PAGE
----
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National Geologic Map Database
Geologic Unit: Gilbert
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Map showing publication footprint
  • Usage in publication:
    • Upper and Lower Gilbert sandstones
  • Modifications:
    • Named
  • Dominant lithology:
    • Sandstone
  • AAPG geologic province:
    • Appalachian basin
Publication:

Hennen, R.V., and Reger, D.B., 1914, Logan and Mingo Counties [West Virginia, with a section on paleontology by W.A. Price]: West Virginia Geological Survey [County Reports and Maps], [CGR-13], 776 p., (incl. geologic map, scale 1:62,500), Soil map and report, prepared in cooperation with U.S. Bur. Soils, issued separately


Summary:

Upper Gilbert sandstone in Kanawha formation described as grayish white, massive, medium-grained and micaceous. Thickness 40 to 50 ft. Lies 1 to 10 ft below Lower War Eagle coal and 30 to 50 ft above Glenalum Tunnel coal in study area. Lower Gilbert sandstone is massive, grayish white, very hard and arenaceous. Thickness 50 to 80 ft. Underlies Glenalum Tunnel coal. Named for Gilbert, Mingo Co., southern WV.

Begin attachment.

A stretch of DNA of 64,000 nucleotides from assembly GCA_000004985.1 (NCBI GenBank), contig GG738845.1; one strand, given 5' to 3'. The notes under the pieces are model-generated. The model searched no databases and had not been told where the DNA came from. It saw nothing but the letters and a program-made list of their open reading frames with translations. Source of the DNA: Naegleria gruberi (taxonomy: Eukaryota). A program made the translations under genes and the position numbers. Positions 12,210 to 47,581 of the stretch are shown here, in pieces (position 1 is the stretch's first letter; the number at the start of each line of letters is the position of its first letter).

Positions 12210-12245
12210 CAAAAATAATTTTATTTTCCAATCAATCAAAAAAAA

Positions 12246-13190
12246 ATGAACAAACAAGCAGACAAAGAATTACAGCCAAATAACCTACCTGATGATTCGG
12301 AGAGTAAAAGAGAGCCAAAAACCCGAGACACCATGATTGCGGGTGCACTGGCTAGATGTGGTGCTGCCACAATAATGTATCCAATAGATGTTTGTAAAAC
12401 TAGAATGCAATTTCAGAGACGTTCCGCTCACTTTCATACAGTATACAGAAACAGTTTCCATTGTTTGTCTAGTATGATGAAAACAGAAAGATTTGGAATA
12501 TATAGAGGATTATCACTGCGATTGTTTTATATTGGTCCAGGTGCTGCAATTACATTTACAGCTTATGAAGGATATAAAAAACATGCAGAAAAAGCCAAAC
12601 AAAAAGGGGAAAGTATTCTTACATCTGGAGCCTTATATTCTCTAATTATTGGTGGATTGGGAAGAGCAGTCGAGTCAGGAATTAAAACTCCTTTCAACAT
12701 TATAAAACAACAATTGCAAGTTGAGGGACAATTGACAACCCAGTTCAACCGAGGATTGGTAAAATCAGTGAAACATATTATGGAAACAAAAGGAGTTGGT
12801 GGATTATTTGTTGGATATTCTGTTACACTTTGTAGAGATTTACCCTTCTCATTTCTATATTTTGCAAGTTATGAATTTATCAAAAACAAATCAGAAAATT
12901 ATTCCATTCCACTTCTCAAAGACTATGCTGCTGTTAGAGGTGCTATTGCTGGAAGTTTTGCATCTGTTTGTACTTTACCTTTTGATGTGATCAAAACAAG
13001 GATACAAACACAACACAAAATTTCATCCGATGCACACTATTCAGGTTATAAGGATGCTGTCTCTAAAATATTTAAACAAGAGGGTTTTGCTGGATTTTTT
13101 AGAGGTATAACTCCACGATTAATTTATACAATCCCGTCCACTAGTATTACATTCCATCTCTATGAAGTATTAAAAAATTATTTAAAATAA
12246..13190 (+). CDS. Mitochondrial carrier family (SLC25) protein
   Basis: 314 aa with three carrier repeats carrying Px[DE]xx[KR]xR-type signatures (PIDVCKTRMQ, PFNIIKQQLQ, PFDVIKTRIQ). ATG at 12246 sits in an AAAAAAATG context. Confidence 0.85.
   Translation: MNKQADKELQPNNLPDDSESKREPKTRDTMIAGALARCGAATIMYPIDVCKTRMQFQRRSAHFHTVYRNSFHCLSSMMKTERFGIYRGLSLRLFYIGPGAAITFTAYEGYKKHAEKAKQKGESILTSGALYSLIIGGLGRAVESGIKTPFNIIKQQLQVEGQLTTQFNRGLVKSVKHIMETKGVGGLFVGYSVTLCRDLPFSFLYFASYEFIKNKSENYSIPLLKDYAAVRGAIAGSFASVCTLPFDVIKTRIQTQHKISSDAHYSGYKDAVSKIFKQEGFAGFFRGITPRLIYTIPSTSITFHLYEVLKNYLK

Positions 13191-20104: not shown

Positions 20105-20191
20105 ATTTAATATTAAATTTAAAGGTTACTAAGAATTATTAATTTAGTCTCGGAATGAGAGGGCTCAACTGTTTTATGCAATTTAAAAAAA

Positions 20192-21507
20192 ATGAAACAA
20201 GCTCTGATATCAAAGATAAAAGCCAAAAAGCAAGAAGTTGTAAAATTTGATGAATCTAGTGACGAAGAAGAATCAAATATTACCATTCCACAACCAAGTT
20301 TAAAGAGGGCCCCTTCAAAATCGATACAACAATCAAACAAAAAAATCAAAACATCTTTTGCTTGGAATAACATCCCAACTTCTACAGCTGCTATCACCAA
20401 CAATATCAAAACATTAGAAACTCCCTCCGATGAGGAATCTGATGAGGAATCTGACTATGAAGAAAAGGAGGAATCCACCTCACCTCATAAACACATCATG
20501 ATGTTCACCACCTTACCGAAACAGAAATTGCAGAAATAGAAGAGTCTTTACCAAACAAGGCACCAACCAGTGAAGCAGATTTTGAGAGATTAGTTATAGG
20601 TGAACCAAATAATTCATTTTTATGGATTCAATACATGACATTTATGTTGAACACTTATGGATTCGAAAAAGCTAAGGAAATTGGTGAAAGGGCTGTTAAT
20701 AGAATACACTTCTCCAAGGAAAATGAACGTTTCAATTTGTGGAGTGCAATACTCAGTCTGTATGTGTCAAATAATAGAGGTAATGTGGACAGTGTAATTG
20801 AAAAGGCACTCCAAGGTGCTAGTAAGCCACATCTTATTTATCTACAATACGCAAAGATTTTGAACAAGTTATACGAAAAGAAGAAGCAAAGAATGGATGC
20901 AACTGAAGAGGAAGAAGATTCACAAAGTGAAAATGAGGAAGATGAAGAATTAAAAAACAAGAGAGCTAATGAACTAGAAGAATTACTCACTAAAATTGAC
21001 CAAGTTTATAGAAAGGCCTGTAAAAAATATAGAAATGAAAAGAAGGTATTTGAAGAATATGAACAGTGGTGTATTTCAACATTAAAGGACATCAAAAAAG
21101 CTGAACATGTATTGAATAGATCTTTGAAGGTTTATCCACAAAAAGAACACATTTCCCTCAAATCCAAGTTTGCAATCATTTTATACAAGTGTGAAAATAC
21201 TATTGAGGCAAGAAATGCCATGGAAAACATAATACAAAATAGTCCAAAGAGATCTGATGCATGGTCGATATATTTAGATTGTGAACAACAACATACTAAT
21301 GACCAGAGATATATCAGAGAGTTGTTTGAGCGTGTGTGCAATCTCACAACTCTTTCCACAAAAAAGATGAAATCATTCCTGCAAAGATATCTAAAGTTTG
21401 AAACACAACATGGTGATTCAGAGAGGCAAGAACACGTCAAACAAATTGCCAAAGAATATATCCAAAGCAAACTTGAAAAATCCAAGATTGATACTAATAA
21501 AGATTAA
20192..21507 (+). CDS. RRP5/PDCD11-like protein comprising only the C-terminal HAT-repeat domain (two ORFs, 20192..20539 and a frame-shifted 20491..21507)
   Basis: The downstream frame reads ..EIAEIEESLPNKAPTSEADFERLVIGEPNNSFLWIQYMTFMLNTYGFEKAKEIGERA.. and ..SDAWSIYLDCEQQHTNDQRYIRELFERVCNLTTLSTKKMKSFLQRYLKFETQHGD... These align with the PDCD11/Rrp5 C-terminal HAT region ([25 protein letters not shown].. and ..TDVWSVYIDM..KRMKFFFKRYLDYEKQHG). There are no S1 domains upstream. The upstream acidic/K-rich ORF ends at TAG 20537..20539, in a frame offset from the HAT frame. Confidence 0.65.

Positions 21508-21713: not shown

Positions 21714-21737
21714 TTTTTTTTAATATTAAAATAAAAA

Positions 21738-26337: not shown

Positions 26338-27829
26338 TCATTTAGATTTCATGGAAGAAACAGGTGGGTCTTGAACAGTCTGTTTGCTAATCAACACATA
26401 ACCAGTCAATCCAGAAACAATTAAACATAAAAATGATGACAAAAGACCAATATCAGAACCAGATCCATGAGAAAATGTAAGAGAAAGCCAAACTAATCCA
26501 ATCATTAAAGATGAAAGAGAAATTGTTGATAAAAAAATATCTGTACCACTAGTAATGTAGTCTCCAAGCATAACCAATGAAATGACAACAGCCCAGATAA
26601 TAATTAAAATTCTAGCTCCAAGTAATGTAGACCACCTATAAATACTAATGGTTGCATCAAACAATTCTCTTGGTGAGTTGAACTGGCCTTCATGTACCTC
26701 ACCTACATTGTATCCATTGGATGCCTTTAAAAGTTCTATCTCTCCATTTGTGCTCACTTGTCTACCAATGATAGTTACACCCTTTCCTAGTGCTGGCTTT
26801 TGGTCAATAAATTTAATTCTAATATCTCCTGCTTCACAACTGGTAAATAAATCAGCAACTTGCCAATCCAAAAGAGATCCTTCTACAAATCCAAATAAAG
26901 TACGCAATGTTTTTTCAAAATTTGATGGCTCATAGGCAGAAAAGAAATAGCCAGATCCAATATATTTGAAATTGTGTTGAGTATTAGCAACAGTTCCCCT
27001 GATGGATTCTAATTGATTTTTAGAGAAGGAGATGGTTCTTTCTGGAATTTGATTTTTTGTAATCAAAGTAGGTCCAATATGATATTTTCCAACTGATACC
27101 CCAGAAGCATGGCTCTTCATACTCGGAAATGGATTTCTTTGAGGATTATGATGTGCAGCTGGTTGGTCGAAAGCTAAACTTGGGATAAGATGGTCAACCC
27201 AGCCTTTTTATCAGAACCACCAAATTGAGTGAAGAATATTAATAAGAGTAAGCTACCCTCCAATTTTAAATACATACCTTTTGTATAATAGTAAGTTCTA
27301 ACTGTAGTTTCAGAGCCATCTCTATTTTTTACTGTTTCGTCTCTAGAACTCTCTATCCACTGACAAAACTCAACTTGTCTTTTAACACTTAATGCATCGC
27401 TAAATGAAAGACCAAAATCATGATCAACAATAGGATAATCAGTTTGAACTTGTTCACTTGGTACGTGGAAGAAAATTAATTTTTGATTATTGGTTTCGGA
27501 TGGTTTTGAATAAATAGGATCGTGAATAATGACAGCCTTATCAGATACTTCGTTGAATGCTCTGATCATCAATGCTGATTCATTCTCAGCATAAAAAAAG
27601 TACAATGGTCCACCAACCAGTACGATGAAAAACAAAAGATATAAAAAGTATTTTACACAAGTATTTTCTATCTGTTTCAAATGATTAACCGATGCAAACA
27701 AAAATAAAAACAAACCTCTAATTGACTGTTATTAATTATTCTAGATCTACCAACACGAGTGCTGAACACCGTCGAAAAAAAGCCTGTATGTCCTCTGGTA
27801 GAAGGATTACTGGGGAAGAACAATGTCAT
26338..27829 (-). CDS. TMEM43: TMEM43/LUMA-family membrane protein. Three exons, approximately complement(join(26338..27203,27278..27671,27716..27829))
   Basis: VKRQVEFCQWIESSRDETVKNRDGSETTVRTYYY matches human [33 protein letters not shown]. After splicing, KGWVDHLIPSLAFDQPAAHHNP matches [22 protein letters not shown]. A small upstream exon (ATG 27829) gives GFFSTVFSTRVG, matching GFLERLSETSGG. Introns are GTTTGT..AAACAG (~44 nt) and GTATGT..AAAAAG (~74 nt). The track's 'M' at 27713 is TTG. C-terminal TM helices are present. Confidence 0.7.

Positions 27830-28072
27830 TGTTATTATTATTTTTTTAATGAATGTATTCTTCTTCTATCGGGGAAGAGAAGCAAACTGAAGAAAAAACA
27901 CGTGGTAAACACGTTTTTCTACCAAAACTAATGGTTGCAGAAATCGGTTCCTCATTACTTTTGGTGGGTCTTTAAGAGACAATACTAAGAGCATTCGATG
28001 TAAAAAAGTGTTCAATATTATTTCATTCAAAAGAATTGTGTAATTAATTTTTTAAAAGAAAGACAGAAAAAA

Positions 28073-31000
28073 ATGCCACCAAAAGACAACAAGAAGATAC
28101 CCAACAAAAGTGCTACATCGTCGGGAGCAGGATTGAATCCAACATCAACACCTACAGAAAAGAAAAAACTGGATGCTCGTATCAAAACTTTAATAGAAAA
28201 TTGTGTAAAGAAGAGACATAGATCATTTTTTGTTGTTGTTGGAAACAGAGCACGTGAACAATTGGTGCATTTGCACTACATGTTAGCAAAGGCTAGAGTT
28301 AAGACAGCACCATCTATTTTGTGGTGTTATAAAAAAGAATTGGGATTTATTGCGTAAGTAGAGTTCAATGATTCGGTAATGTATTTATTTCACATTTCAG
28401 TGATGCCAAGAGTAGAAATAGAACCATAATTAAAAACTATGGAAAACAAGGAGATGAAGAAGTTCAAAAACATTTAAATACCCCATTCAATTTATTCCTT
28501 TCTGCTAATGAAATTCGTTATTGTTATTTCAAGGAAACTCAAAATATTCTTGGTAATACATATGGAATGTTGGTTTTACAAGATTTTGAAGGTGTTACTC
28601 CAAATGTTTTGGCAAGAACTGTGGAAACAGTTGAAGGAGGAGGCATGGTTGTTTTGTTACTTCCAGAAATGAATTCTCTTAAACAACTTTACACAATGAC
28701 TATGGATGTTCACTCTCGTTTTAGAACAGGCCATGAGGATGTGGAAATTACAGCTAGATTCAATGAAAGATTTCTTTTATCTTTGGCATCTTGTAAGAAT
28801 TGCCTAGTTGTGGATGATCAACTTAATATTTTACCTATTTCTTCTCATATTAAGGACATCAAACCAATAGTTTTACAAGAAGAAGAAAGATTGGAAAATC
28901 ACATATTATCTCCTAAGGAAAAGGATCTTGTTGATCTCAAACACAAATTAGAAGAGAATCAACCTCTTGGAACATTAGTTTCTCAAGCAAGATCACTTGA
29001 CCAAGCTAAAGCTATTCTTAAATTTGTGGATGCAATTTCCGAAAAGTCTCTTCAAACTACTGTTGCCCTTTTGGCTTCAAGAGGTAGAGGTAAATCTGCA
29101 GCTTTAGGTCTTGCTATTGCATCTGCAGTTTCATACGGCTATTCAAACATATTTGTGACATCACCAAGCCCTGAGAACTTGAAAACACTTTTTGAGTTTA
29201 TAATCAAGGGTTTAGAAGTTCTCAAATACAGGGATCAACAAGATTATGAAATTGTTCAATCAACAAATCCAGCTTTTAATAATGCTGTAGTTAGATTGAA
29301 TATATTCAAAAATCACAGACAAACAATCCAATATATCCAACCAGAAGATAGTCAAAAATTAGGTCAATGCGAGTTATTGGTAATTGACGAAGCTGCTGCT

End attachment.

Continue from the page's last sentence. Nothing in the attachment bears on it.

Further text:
Source: GNU records (USGS DDS-6; Reston GNULEX).


Map showing publication footprint
  • Usage in publication:
    • Upper and Lower Gilbert sandstones
  • Modifications:
    • Overview
    • Areal extent
  • AAPG geologic province:
    • Appalachian basin
Publication:

Price, P.H., and Heck, E.T., 1939, Greenbrier County [West Virginia, with a section on paleontology by J.L. Tilton and Dana Wells]: West Virginia Geological Survey [County Reports and Maps], [CGR-7], 846 p., (incl. geologic map, scale 1:62,500)


Summary:

In Greenbrier Co., Lower Gilbert sandstone is massive, grayish-white, coarse grained, and 30 to 80 ft thick. Overlies Gilbert shale. In Pottsville series. Upper Gilbert sandstone not present in study area.

Source: GNU records (USGS DDS-6; Reston GNULEX).


For more information, please contact Nancy Stamm, Geologic Names Committee Secretary.

Asterisk (*) indicates published by U.S. Geological Survey authors.

"No current usage" (†) implies that a name has been abandoned or has fallen into disuse. Former usage and, if known, replacement name given in parentheses ( ).

Slash (/) indicates name does not conform with nomenclatural guidelines (CSN, 1933; ACSN, 1961, 1970; NACSN, 1983, 2005). This may be explained within brackets ([ ]).